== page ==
Physics and astronomy
The Physics and
Astronomy learning community connects students who are interested in the physics,
astronomy or engineering physics. Join this group to meet other students, get
to know the faculty in the Department of Physics and Astronomy, find people to
study with, and go on field trips to local spots of scientific interest.
Seats in certain
high-demand, major based classes will be reserved for Physics and
Astronomy learning community freshmen. Your adviser will help you enroll in
these courses, which you will attend with other members of your learning
community. Visit priority enrollment to find out more about enrollment and
advising. Seats will be reserved in:
PHY 103 – First Year Seminar
Introduces first-year majors to the academic content, degree programs,
faculty, resources, facilities, and opportunities available in the Department
of Physics and Astronomy.
PHY 161/L – University Physics I
First course and lab in the three-semester introductory physics
PHY 161R - University Physics I Recitation
Recitation section provides students with an opportunity to work on
problem-solving and get additional questions answered. Complements the PHY 161
MAT 125 – Precalculus
This course covers the concepts of function, graphs, absolute value,
linear, polynomial, rational, exponential, logarithmic, and trigonometric
functions, and systems of equations, in addition to analytic geometry.
Students in the learning community will be enrolled in the same section of this
MAT 136 - Calculus I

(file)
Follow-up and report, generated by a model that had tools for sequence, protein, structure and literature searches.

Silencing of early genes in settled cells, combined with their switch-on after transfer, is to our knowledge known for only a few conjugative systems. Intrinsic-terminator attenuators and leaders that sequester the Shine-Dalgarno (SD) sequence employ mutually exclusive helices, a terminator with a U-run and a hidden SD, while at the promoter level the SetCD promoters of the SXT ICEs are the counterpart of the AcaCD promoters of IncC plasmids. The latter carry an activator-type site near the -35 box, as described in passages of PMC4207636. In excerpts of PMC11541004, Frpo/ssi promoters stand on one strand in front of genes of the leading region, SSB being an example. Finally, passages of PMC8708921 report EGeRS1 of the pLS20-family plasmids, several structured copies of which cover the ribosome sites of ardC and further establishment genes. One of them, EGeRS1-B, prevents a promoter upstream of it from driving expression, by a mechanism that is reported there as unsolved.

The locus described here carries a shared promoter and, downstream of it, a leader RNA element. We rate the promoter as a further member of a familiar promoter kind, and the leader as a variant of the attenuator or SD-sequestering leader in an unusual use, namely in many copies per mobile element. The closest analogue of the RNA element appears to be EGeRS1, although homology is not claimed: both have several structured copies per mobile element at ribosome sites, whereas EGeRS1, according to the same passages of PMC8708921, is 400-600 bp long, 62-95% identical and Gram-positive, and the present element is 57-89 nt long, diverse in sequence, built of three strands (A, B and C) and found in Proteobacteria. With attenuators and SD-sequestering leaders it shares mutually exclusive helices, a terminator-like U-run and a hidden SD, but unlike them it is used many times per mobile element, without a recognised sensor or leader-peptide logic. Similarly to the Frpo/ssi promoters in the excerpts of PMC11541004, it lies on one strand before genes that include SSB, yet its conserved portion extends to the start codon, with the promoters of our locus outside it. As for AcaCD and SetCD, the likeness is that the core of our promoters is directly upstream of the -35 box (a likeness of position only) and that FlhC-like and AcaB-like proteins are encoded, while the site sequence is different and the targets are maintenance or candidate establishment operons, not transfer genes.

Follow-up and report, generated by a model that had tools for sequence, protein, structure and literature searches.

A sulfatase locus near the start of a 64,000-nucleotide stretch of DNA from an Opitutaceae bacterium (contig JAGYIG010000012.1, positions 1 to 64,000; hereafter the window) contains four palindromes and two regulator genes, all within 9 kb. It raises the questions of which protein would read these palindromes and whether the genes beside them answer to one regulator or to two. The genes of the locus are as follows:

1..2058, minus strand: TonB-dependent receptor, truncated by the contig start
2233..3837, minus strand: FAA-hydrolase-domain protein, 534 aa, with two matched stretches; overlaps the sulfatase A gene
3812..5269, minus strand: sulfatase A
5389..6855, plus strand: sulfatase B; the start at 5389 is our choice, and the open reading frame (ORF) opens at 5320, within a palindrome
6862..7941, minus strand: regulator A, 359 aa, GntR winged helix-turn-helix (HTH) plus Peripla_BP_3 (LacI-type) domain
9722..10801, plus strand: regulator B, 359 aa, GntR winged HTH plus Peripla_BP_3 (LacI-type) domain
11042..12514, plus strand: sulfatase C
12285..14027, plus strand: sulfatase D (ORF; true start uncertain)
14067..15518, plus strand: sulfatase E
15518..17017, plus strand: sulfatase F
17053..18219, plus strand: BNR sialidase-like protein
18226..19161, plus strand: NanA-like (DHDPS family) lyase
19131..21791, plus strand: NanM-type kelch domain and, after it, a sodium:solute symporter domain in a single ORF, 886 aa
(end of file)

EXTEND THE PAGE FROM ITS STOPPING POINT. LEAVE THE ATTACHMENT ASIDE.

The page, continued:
Building on the foundations of pre-calculus, this course covers the
calculus of one variable including basic concepts, interpretations, techniques,
and applications of differentiation and integration. Students in the learning
community will be enrolled in the same section of this course.
Past events and activities
learning community residents work with residence hall staff and the faculty
liaison to plan exciting and meaningful activities. Past events that were held
in the physics and astronomy include:
Meet other physics and astronomy learning community residents and
discuss activities that you would like to see happen.
Meet the physics and astronomy faculty in an informal setting by
sitting down to dinner with them. This will give you a chance to ask questions
about classes, about physics, about jobs—whatever you need to know.
Past field trips have included trips to:
- the Lowell
Observatory for star-gazing
- the Naval Prototype Optical
Interferometer for its awesome technology
- the Grand Canyon to study astrobiology
Crater to tour the crater
The community (peer) mentor offers informal tutoring in math and